Skip to main content

Fun, Fun at the Doctor's Office in a Third World Country

First of all let me say that I've had some great doctors in Brazil whom I appreciated and who really work hard to treat the patients with kindness and respect.  They are few and far between, rarities in a land of public hospitals that often have no bandages or medicine.  They are fine jewels in a place where even private, paid clinics where patients get no respect.

Thursday I went in to get a sonogram at a paid clinic where I have been seen before. This time was a little different.  Each of the other visits where arranged by the doctor I had seen.  My doctor called the chief of operations at the sonogram/mammogram clinic and said basically, Put this person in line.  I'm sending them over right now and I want special treatment.  This time I was on my own and oh woe was me!

I know how these things work in Brazil.  I've stood in many a line and jumped places in a few - yes, when in Rome sometimes you have to know how to fight like a Greek wrestler to get your "rights."   Yes, I've done some pushing and shoving and even kicked a few doors (literally and figuratively).  So, I went by the clinic ahead of time, a week ahead of time and asked some basic questions about "scheduling" my sonogram.  I was told that they work on a order of arrival basis and to insure that I would be seen shortly in the morning I should arrive before 7 am when the doors of the clinic open. No problem, I got there around 6:30 am and was #4 arrivee! Woo Hoo, or so I thought.  When the doors actually opened it was every man and woman for themselves to grab a ticket with a number on it.  In all the rush I ended up with number 21!  I waited for an hour just to see a lady and say why I was there!   Oh, but how conniving these little secretary ladies can be.  When I asked how long I would be waiting I was told not to worry as there were only six others in line for what I needed so it would be that long.  Yeah, right!

I waited for two more hours after that when I was finally called to go back behind the swinging doors to a changing and then to another waiting room.  At least it was quieter!  Just as your hope begins to rise and you think you are closer to the end, you sit and sit and sit.  Seems other people with "emergencies" were being put in between those who had waited in line for a little number.  People whose doctors had made that special phone call?

Five hours I waited before it was my turn.  Complaining doesn't really help, except to make a person feel better, releasing some Yankee anger.  But I did complain every so kindly and reminded myself that next time I need to get my doctor to make the appointment as an "emergency."

The things we are not taught in missionary candidate school.


Popular posts from this blog

What's Next?

That seems to be the question every one asks us these days since we've arrived back in Sobradinho.  What's next?  What are you going to do now?  Where are you going?  A few people ask about how the boys are or things about my grandbabies or parents.  But not too many.  This week three people asked when I could start teaching English to their children again!

So what is next for The Athas in Brazil?  If you were able to attend one of our furlough meetings, hopefully you have some sort of idea.  If not, I'll try to give a brief answer to the big question.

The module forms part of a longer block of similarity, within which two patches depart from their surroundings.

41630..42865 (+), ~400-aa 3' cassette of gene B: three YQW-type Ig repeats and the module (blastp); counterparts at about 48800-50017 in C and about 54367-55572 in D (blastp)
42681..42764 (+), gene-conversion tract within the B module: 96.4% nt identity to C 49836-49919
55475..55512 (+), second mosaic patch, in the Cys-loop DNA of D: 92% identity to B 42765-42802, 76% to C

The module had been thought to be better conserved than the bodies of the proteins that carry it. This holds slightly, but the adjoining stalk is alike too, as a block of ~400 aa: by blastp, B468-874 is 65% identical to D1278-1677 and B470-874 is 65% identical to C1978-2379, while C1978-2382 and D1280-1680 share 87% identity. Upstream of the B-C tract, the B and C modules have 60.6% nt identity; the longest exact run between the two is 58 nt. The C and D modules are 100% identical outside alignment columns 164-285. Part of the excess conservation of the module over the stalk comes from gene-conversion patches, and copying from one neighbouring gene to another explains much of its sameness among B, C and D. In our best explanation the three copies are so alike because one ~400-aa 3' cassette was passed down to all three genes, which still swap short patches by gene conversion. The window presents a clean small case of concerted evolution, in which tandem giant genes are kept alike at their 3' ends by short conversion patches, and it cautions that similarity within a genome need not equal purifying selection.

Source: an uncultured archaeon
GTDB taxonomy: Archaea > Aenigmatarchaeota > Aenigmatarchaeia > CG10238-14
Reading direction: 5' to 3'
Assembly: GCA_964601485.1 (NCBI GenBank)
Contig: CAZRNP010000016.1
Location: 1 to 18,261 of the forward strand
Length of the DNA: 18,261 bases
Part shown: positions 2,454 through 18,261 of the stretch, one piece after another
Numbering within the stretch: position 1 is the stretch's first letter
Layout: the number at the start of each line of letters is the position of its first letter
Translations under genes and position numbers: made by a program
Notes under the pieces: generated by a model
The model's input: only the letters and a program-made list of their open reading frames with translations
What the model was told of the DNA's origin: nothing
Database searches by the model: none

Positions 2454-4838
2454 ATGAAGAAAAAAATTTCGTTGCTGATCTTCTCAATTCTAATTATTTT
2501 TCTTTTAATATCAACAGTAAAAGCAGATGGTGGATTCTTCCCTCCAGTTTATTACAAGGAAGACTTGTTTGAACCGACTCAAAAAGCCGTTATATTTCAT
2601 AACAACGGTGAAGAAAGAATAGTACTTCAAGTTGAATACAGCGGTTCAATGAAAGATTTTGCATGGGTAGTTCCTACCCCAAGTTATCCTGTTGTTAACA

Remember that trip we took all over interior Bahia back in the fall of 2017?  We visited over 200 communities over the course of about two weeks all within a few hours of where we live.  You can back to my post about it and review some of the details here...

Bahia Road Trip

Byron and I plan to begin evangelizing some of the nearest and neediest communities that we visited on our trip.  We came back with evangelism materials.  By…

Pressing On - Marriage on the Mission Field

That's us on our first furlough in 1998.  Byron was 33 and I was 32.  No gray hairs, no flab, two cute little MK's.  We'd been married for about 10 years and on the mission field for 4.  We stayed in Winston-Salem that year at one of the mission houses of Pleasant View Baptist Church.  We stayed for a whole year.  Byron worked some for a friend with a automotive repair shop that year and I stayed at home with William who was almost 4 and baby Dalton who turned two while we were there. We traveled together to visit all of our churches that year and made several big trips to Georgia and Maryland to visit with family.

Our first term of service on the mission field had been rough.   Language school, learning the ropes, figuring out how to deal with colleagues, two new babies, low finances.  Somehow we had made it through together.  We were okay and things were alright.  Now we were first term survivors on our way back.

Byron and I had met in Bible college.  We had some classes t…

Our Graduate

This Friday evening the youngest of our clan will finish up high school and move on to the next stage of his life - summer!  Oh, and then college and what not.

It's been an incredible eighteen years...

Greyson was always a cutie-pie with his blonde hair and blue eyes in a country where that was a rarity.  Word is that when he was around five or six years old on the island camp people would ask to take photos with him and that he would oblige for a small fee.  Cute and knew it?

For the most part he's been a joy, even though he doesn't comb his hair very often and making his bed doesn't come easy.  Perhaps his musical right sided brain could never deal with the structure of making a bed each day?  I'm hoping he'll learn at college!

As the last in the nest, Greyson enjoyed a few years of being an only child.  Byron and I got to take a long awaited road trip around southern Brazil with Greyson in tow.  We made some great memories and enjoy some sweet bonding moments...